COEUR d'ALENE — With 132 years of mining in the Silver Valley under its belt, Hecla Mining Company, headquartered in Coeur d'Alene, has survived the century milestone, bringing in silver, lead, and zinc from the depths of the earth.
Mike Satre is the director of governmental affairs for the company and said that its success has always been in welcoming new technology rather than sticking to the old methods.
“If you want to talk ‘made in America,’ it starts with ‘mined in America,’ and here we are,” Satre said.
Hecla’s Lucky Friday mine has been in operation for over 60 years, and based on its continued success, they have launched enterprises in Canada with the Keno Hill Mine in the Yukon and new Greens Creek mine in Admiralty Island, Alaska. Hecla’s corporate headquarters used to be based in Wallace for many years but is now located in Coeur d’Alene.
“Multiple generations of North Idahoans have worked that and have been really proud of that legacy...The company got started in North Idaho in the Silver Valley and that was its focus for many years. In the 1900s, there were times of expansion and contraction, but we never left the North Idaho home,” Satre said.
For engineers, geologists, metallurgists, and chemists, mining perhaps hasn’t always been the industry of choice, but there is now a lot of opportunity to refine mining practices with an expanding range of scientific skills.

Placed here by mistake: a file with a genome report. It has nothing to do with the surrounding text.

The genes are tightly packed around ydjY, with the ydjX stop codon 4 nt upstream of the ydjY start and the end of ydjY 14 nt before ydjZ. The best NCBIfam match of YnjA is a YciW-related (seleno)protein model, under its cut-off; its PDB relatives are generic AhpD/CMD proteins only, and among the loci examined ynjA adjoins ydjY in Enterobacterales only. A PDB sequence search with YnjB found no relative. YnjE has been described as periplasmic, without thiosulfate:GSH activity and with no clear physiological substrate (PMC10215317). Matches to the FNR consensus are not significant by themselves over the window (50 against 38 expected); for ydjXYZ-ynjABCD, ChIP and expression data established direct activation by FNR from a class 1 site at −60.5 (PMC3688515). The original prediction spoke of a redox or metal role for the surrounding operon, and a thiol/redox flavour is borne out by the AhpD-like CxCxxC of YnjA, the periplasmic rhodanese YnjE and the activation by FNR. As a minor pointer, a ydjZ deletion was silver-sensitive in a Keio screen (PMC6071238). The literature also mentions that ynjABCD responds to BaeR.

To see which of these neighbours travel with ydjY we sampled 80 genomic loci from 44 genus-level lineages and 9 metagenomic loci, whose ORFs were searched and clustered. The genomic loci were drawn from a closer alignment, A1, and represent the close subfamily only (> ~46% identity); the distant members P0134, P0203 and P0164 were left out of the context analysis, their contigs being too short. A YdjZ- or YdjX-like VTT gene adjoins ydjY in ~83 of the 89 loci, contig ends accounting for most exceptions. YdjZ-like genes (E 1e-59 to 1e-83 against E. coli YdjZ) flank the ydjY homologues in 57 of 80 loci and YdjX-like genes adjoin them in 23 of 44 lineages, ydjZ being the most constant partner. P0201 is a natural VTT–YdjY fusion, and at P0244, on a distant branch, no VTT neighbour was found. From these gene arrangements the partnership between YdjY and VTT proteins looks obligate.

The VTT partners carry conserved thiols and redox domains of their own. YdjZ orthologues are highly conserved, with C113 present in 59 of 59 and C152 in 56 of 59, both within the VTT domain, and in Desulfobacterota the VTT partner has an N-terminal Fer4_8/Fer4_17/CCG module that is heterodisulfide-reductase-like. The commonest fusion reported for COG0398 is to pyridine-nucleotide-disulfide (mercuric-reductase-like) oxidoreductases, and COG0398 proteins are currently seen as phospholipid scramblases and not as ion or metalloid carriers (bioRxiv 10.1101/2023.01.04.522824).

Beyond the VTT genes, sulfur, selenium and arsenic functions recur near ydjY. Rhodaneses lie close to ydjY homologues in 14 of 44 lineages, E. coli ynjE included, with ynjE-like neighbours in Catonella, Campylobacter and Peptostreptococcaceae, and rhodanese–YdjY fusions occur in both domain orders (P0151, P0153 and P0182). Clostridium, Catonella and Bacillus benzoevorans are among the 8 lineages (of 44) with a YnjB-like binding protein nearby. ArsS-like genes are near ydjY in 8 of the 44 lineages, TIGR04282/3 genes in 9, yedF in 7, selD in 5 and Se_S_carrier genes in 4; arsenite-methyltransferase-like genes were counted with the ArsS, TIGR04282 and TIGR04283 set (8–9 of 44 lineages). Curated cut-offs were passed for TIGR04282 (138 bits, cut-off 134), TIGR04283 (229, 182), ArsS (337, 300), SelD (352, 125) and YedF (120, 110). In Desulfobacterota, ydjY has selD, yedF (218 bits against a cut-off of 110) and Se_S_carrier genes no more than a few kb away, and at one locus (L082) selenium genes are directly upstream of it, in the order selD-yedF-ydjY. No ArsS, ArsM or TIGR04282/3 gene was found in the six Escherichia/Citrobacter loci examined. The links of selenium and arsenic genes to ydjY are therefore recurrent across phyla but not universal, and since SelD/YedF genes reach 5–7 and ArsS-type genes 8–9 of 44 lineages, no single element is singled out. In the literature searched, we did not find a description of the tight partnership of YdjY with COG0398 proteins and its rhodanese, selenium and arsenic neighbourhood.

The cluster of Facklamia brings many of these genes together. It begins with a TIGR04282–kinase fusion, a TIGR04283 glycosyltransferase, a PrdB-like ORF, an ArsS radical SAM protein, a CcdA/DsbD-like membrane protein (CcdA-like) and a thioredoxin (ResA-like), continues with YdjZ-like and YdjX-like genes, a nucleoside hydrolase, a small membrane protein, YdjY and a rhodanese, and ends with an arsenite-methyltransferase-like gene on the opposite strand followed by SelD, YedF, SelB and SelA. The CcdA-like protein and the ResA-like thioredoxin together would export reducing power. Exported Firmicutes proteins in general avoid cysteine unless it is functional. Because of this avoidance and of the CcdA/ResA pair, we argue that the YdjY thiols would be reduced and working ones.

“What we do today is not what the mining industry did 30, 40, 50 years ago. It’s truly a modern innovative industry with broadband wireless access points in the ground and the ability to remotely access equipment,” Satre said.
In 2022, silver production increased by 24% to 4.4 million ounces for Lucky Friday Mine thanks to a new technique Hecla developed called the Underhand Closed Bench mining method.
According to internal reports, the mine in Mullan produced 3 million ounces of silver as of the end of July 2023 and was on schedule to produce 4.5 to 5 million ounces of silver before a fire broke out in August in the secondary underground escapeway.
Satre said that it was an impressive feat to see the team come together after the fire changed the company's plans.
“We’ve been able to hit our marks as we work to recover from that situation and keep everybody employed and that’s really important. No one was hurt, no one was injured and our infrastructure wasn’t really impacted. The silver isn’t going anywhere,” Satre said.
A new technique that was developed at the Lucky Friday Mine called Underhand Closed Bench has paved the way in clearing time and resources from the mine’s progress, so prior to the fire, the mine was in great shape to meet or eke ahead of last year’s production.
“What we’ve always known with the Lucky Friday mine is that as we go deeper, we’re in a higher rock stress environment, and as we’d go deeper, there were always concerns. We would have delays as we waited for seismic activity to subside. Our traditional mining method is drilling in front of us, detonating the round and mucking, digging that out and going in and supporting it and doing the same thing again and again as we go forward,” Satre said.